Hong Kong’s Chief Executive Carrie Lam announced Tuesday she would expand the government’s power to isolate individuals from the general public if considered a health hazard in the wake of a viral pneumonia of unknown cause that reached the city from within China.
The Chinese Communist Party has documented 59 cases of pneumonia in the city of Wuhan in the past two weeks; Hong Kong has documented 30 cases within its borders of individuals falling ill who had previously visited Wuhan. Seven of the Wuhan patients are in critical condition. According to the broadcaster RTHK, the Chinese government has traced the cases back to a seafood market in Wuhan but have no identified the virus causing the respiratory illness. It has, however, ruled out the virus responsible for severe acute respiratory syndrome (SARS), which killed 774 people in 2002.
The Chinese communist regime also claims it has ruled out Middle East Respiratory Syndrome (MERS) and avian influenza, and has not yet matched a confirmed case of the new virus to any known existing virus.
Doctors have yet to confirm that any of the patients in Hong Kong are carrying the same virus as the individuals in Wuhan. No other city in China has documented a case, though the countries of Taiwan and Singapore have identified potential cases.
Wuhan is a central Chinese regional capital, home to 11 million and 19 million in the greater metro area.
A viral outbreak in Hong Kong could have devastating consequences at the moment given the regular mass protests occurring against communism in the city. The protests commonly attract tens of thousands of people and have repeatedly assembled upwards of a million residents, all marching in close quarters.
Lam announced expanded powers to restrain and isolate individuals after months of Hong Kong residents protesting that police were imprisoning non-criminal protesters for political reasons and demanding freedom for all those unjustly behind bars. Isolation would not occur in prison, of course, but would limit a person’s ability to move freely in the city to contain the virus.
Specifically, the government would expand its powers within the Prevention and Control of Disease Ordinance to give “legal powers to health authorities to isolate patients suspected of contracting an unidentified virus after visiting Wuhan,” RTHK reported. Lam also announced increased health inspections at border entry points and train stations connecting Hong Kong to China. As the virus remains unidentified, Hong Kong law will currently refer to it as “Severe Respiratory Disease associated with a Novel Infectious Agent” and automatically replace that text with a specific name once the virus is identified.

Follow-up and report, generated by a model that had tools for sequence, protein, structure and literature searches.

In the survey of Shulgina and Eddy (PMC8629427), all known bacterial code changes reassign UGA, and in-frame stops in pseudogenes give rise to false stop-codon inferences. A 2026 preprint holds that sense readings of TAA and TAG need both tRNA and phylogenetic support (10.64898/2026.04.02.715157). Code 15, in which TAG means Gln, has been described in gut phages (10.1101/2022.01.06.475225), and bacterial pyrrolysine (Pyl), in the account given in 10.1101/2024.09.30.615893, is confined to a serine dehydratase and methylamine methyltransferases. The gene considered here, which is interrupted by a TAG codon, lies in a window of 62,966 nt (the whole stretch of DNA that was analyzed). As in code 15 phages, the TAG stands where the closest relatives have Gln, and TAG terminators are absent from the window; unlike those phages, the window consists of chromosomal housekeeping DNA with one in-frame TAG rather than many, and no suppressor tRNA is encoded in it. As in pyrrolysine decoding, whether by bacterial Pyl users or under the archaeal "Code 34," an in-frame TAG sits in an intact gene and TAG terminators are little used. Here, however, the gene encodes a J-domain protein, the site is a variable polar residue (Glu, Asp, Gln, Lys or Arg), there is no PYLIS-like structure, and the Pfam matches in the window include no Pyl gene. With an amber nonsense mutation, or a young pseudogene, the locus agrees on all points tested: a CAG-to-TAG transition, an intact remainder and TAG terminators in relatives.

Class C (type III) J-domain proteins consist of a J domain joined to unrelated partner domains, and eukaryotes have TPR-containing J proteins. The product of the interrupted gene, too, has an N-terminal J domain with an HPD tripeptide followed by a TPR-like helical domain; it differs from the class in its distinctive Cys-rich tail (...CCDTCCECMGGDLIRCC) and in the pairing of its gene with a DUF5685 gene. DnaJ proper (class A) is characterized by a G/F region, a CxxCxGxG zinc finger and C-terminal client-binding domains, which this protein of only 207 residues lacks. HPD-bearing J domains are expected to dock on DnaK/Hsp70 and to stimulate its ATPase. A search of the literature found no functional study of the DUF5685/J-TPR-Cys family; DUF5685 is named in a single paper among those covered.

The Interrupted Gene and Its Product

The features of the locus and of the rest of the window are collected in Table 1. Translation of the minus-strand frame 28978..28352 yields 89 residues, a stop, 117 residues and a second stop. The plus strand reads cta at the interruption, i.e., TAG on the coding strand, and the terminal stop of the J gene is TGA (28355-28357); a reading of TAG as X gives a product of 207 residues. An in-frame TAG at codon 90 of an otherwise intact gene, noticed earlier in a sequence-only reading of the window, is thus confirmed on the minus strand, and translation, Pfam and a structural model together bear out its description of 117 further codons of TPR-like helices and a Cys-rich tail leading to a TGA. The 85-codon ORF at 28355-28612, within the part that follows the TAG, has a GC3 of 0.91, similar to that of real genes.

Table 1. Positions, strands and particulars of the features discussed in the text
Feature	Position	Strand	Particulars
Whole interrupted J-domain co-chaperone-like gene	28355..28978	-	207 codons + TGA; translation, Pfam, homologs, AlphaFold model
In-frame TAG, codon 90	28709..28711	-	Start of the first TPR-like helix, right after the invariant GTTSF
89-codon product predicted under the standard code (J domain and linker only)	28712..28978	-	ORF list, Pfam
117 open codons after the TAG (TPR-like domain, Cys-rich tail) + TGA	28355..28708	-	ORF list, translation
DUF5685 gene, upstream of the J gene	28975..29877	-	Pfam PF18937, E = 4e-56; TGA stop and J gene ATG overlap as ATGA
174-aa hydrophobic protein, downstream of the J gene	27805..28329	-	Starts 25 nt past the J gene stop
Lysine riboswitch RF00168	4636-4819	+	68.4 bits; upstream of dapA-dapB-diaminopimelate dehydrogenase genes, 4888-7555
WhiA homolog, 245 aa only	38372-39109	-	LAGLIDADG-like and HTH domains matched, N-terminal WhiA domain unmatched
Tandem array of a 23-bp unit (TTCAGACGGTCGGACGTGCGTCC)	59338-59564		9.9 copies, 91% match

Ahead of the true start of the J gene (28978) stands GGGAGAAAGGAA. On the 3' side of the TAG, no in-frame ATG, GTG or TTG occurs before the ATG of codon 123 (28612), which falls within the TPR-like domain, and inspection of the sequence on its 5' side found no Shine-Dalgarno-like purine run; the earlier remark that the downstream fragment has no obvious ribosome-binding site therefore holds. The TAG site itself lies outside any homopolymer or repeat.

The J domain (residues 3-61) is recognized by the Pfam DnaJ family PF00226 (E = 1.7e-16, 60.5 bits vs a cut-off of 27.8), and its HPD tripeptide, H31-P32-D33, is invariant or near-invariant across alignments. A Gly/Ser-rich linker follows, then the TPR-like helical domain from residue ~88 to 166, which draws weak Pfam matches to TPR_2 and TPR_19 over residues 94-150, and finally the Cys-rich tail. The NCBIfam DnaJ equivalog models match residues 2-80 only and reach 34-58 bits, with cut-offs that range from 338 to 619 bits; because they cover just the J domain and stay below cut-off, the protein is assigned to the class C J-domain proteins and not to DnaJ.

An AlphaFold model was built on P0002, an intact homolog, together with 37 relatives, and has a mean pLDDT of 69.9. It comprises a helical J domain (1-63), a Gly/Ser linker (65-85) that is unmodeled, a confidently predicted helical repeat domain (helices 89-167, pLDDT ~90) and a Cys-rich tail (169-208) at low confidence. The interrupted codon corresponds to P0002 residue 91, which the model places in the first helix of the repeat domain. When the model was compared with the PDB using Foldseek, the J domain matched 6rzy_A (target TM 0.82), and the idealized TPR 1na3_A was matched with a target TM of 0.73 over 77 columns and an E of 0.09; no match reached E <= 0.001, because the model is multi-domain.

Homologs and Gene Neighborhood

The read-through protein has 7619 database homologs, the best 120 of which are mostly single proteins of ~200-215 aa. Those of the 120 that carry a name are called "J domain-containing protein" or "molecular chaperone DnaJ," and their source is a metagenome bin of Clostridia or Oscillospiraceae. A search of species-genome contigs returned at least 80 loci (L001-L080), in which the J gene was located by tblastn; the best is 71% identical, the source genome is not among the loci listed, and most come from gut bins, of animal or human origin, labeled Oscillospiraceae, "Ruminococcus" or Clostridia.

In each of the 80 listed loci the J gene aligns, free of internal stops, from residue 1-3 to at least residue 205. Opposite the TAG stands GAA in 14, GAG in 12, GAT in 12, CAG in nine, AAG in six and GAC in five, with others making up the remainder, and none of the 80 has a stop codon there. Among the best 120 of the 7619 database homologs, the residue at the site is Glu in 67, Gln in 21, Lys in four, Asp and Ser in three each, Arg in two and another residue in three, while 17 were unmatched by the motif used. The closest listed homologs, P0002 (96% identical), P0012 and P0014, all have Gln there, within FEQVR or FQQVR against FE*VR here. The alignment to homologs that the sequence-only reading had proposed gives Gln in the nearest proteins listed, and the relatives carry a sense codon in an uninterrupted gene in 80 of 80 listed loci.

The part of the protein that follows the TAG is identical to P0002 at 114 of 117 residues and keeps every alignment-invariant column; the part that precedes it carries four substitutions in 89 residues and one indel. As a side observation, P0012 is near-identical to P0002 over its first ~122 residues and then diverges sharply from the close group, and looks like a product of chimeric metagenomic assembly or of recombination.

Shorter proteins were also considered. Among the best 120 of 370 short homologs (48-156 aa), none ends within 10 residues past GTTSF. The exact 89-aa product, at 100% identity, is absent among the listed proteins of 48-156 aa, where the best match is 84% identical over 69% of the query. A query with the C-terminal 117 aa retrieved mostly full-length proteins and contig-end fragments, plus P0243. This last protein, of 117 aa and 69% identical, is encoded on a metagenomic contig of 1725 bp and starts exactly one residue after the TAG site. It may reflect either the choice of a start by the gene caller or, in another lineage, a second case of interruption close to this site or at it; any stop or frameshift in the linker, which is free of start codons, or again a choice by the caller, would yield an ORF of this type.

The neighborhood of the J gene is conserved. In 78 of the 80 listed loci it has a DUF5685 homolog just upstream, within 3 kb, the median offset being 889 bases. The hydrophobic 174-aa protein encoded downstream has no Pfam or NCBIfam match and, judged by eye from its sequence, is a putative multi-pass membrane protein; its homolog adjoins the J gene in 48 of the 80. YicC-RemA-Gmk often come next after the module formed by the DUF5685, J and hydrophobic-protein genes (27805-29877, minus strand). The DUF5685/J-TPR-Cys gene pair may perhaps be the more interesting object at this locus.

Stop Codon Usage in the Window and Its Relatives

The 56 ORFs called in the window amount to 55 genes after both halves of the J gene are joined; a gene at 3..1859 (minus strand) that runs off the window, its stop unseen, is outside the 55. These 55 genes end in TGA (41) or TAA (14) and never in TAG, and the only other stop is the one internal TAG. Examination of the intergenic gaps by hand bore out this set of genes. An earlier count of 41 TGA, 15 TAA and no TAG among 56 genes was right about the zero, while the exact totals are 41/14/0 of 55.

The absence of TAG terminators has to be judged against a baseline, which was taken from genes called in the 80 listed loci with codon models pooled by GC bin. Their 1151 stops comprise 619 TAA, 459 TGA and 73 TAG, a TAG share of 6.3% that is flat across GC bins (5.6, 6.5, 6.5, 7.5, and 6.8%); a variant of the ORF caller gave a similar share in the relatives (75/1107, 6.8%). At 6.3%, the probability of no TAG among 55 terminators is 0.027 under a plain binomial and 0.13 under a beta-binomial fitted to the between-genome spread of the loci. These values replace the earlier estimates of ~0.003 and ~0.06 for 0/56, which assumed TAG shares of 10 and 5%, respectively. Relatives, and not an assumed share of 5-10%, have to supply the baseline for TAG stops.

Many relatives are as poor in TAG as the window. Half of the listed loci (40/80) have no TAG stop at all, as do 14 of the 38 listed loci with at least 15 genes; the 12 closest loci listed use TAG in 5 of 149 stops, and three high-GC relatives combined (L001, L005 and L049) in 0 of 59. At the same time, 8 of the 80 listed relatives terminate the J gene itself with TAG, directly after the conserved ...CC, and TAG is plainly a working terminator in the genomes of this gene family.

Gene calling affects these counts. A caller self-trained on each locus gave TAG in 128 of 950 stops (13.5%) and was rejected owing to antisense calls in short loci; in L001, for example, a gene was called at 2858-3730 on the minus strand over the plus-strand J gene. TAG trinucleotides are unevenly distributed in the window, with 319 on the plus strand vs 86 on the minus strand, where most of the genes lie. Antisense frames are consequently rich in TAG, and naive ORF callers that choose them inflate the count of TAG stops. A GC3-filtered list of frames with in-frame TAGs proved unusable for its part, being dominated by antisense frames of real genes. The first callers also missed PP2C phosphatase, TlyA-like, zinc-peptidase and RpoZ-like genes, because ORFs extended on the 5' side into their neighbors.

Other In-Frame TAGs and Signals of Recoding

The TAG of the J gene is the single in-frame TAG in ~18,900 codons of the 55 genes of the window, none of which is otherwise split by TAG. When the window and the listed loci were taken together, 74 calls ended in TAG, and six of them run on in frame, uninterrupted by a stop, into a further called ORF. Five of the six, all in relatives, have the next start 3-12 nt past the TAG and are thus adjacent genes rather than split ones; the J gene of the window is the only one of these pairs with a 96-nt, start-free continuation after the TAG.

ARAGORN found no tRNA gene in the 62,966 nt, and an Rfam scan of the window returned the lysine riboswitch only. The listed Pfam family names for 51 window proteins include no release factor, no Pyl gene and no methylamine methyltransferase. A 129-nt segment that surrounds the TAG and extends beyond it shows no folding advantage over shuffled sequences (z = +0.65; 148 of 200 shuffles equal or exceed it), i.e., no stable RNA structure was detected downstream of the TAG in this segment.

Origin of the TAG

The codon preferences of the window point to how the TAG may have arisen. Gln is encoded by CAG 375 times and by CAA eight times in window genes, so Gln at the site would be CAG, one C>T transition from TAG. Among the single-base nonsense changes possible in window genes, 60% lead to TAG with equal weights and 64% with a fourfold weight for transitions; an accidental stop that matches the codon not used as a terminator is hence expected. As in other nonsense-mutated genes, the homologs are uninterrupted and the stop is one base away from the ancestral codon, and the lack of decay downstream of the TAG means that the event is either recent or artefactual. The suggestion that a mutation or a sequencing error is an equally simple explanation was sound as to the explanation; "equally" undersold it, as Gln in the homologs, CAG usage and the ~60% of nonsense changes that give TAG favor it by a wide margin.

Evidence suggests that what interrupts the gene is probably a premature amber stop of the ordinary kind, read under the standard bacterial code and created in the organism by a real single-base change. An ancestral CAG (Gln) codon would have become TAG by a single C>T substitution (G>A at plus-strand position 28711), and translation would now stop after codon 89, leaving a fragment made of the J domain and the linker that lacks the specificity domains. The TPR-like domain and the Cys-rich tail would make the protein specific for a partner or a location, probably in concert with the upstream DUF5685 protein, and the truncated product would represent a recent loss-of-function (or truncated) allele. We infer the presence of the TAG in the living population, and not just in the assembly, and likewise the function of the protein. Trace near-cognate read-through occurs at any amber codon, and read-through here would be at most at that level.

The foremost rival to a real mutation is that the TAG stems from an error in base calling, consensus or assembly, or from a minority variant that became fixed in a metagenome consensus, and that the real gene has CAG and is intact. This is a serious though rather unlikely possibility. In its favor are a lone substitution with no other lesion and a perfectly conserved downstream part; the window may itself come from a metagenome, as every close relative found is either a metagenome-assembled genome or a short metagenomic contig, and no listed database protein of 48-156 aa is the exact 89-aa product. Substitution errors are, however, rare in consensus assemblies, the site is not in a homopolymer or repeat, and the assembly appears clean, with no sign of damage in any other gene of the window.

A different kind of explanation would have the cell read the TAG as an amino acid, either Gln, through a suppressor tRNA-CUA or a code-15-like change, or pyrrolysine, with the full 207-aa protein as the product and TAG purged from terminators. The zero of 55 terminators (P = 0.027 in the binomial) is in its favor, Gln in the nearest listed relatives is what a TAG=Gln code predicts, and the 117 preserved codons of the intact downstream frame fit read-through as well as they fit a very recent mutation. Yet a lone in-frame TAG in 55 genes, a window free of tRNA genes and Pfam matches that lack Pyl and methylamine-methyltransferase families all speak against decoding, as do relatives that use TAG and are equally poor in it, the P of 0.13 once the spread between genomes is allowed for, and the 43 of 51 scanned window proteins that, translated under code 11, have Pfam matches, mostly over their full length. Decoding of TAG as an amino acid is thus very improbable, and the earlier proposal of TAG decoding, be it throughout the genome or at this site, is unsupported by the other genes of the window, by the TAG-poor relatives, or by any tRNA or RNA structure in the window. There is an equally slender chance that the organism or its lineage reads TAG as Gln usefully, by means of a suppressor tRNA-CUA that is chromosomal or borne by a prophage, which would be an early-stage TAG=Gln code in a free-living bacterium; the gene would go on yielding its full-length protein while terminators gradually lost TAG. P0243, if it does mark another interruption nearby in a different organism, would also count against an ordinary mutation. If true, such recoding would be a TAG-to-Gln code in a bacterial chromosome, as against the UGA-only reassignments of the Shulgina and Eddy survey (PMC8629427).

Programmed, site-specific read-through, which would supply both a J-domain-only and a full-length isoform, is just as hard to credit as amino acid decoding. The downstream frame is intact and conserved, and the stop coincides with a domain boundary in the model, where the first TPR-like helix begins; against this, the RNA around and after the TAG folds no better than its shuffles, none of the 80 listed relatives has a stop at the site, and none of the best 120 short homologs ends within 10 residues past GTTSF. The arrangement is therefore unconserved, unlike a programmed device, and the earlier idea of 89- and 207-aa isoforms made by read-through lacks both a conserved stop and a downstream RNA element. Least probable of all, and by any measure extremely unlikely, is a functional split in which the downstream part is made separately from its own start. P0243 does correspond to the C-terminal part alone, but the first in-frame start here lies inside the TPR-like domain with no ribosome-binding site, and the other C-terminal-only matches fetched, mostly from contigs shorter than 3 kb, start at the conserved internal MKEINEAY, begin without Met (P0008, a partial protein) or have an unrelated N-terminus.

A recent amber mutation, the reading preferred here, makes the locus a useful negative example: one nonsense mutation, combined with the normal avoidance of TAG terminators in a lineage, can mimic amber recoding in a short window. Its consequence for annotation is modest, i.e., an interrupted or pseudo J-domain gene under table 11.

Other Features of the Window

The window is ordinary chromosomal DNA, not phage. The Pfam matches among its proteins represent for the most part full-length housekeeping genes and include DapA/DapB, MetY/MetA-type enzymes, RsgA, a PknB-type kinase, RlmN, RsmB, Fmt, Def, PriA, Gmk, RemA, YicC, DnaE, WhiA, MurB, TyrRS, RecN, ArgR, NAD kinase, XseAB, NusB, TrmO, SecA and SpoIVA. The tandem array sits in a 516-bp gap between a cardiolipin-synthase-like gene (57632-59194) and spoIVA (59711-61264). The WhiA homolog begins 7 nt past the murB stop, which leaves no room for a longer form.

“Since the causative pathogen is still unknown, the prevention work focuses on identifying cases with possible exposure to the high-risk area, i.e. Wuhan, and promptly carrying out public health measures to prevent the spread of disease to Hong Kong,” a government spokesperson said on Tuesday. In addition to allowing the government to isolate individuals suspected of carrying the illness, the spokesperson added that Hong Kong authorities can ban the person from traveling outside the city.
The government moved to expand isolation powers even as the Chinese regime has yet to document human-to-human transition and no health workers treating the affected have exhibited respiratory symptoms. Lam also reportedly “urged people to beware of fake information circulating online;” the Chinese regime has reportedly censored discussion of the disease on the few legal social media outlets available.
According to reports citing what communist officials told the World Health Organization (WHO), some of those most severely affected appear to have been vendors or purchasers at the seafood market, indicating that a meat product is the source of the virus. Vendors at the now shut down market regularly sold game meat there.
The outbreak potentially affecting Hong Kong is a development that follows months of mass public assemblies, a significant health threat if doctors find evidence the virus can spread from person to person. Hong Kong residents began organizing protests in June in response to a proposed law that would have allowed China to extradite anyone present in Hong Kong into Chinese prisons if accused of violating Chinese communist law. Lam ultimately ordered the Legislative Council to withdraw the extradition bill, but protesters remained in the streets, now calling for the government to yield to four other demands: an end to calling the peaceful protests “riots,” the direct election of all lawmakers, an independent investigation into police brutality against protesters, and freedom for all political prisoners.
One million people took the streets for a protest marking the beginning of the new year last week against the Communist Party. On Sunday, 10,000 returned for what has become a scheduled weekly demonstration.
At the turn of #newyear2020, 1.03 million #hkers took to the street. As one of the largest demonstration since June last year, #hongkongprotestes want to show our persistent thrust for democracy and freedoms in the city under the tyrannical rule of #CCP. pic.twitter.com/MvvDpg0xnu
— Joshua Wong 黃之鋒 😷 (@joshuawongcf) January 2, 2020
The march Sunday specifically urged action against Hong Kong traders who smuggle capitalist goods into China for profit, urging a full rupture of ties with the Communist Party. Many at the rally highlighted the need for the government to yield to the remaining four demands.